Behind the Scenes - Dead Man's Cell Phone

Uploaded by UniversityTennessee on 29.03.2012

ASHLEIGH: My name is Ashleigh Stochel and I’m a third year MFA student at the University
of Tennessee—in acting.
First scene, Jean is sitting at a café table and there is the dead man—we don’t know
he’s dead yet—is sitting behind me and I’m writing a thank you card. It’s a very
important thank you card to me.
[Phone rings and continues ringing]
CASEY: My name is Casey Sams and I’m on the faculty of the Theater department. I teach
on both the undergraduate and graduate level. I teach acting and movement and musical theater.
So part of the challenge is how…I’ve got this actress who doesn’t really have anybody
to bounce her reactions off of.
[Phone rings and continues ringing]
ASHLEIGH: Excuse me, are you going to get that?
CASEY: But she has to tell this very frenetic, panicky story in a way that’s focused and
funny and engaging to the audience.
[Phone rings and continues ringing]
ASHLEIGH: Are you ill? Are you deaf?
So I come in with my ideas about the character, Casey comes in with her ideas about the play
as well as the character and it’s just a constant give and take.
CASEY: A play is a huge collaboration. I feel like I’m kind of the one that’s defining
the edges of the swimming pool.
[Phone rings and continues ringing]
ASHLEIGH: Allright! Excuse me. Hello?
CASEY: And then it’s the actors and the designers and the technicians who are filling
the pool for the audience to eventually swim in.
ASHLEIGH: My favorite parts are the failures, if you will. The trying something and after
you finish trying it you look at it and you’re like, “No that’s not going to work; don’t
do that.”
Aahh! Are you ill? No, we need to take it back.
[Casey and Ashleigh laugh]
CASEY: But since we’re stopped anyway, what I want to see…
ASHLEIGH: And, you know, we have to have the freedom to screw up—and there’s a lot
of screw ups—and then we get notes and try it again and sometimes it works and sometimes
it doesn’t, and that’s the beautiful part when it all starts to [Snaps] come together;
it’s usually just happenstance; this moment is created and that’s the most exciting
part about theater, I think.
Gordon? Ah!
CASEY: Lots of times, I’ll think I know what a scene is supposed to do as we’re
moving in and then I’ll watch the actors do it and I’ll be like, “Oh, oh! No, no,
no! What we’re really doing in this moment is this other thing.” And that’s part
of why I’m in the room is to sit on the outside and go, this is all of the good gooey
stuff that’s living inside this scene.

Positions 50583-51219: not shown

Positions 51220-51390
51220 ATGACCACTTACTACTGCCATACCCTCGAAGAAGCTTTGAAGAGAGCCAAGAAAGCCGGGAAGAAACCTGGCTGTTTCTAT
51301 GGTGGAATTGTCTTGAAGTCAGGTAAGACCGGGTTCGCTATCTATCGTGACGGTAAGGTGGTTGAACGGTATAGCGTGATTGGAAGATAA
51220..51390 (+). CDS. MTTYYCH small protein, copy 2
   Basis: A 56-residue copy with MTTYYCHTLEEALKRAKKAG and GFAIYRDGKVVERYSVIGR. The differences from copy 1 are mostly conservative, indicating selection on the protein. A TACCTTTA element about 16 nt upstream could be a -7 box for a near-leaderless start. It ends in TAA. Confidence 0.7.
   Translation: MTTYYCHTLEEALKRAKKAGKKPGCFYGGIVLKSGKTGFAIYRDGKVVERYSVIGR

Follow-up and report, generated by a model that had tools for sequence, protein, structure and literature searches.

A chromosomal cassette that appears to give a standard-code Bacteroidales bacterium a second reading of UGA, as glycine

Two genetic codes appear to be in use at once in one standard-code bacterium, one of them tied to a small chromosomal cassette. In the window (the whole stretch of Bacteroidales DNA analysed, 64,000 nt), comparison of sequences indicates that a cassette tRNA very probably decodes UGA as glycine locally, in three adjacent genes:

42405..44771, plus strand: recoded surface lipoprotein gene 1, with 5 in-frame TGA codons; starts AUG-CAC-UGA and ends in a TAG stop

ASHLEIGH: …have a…hope you have a good day. Bye
It was your mother.
CASEY: I just have so much respect for the honesty and the simplicity and the heartfelt
approach to this character that Ashleigh has brought into it. It’s really beautiful and
very tender. And then I really appreciate how willing she’s been, with me poking on
the outside going, “Yes, and now we’re funny.” [Casey laughs]
ASHLEIGH: Do you want me to keep talking until they get here? Gordon, I’m Jean. You don’t
know me, but you’re going to be just fine. Well, actually you’re… don’t worry.
Are you still inside there? How did you die so quietly?
When it’s absolutely silent in the room and you could hear a pin drop and people are
listening—and especially somewhere in the lab where you can actually see their faces—and
they’re paying attention to you and watching, it’s thrilling. I mean, we’re a community
and we’re all together—you know, just a group of people sitting around a campfire
telling a story. I think it’s beautiful. To be creative and tell a story cultivates
meaning and I think that’s ultimately what I’m trying to do.
I’ll stay with you, Gordon. For as long as you need me. I’ll stay with you, Gordon.
I am where I am supposed to be. I have had wonderful support from my professors here.
I have learned so much about myself and about my craft and about being a part of a community
of artists. We have the Clarence Brown Theatre here and we’re fortunate enough to be a
part of these professional productions. It’s thrilling. I’ve loved my time here; very
sad about leaving. It’s kind of denial, it’s in two months, I can’t really…
you know my classmates are like my siblings and my professors are like my family so—it’s
been wonderful.
For as long as you need me, I’ll stay with you, Gordon.
[Dead man breaks character—screams. Everyone laughs.]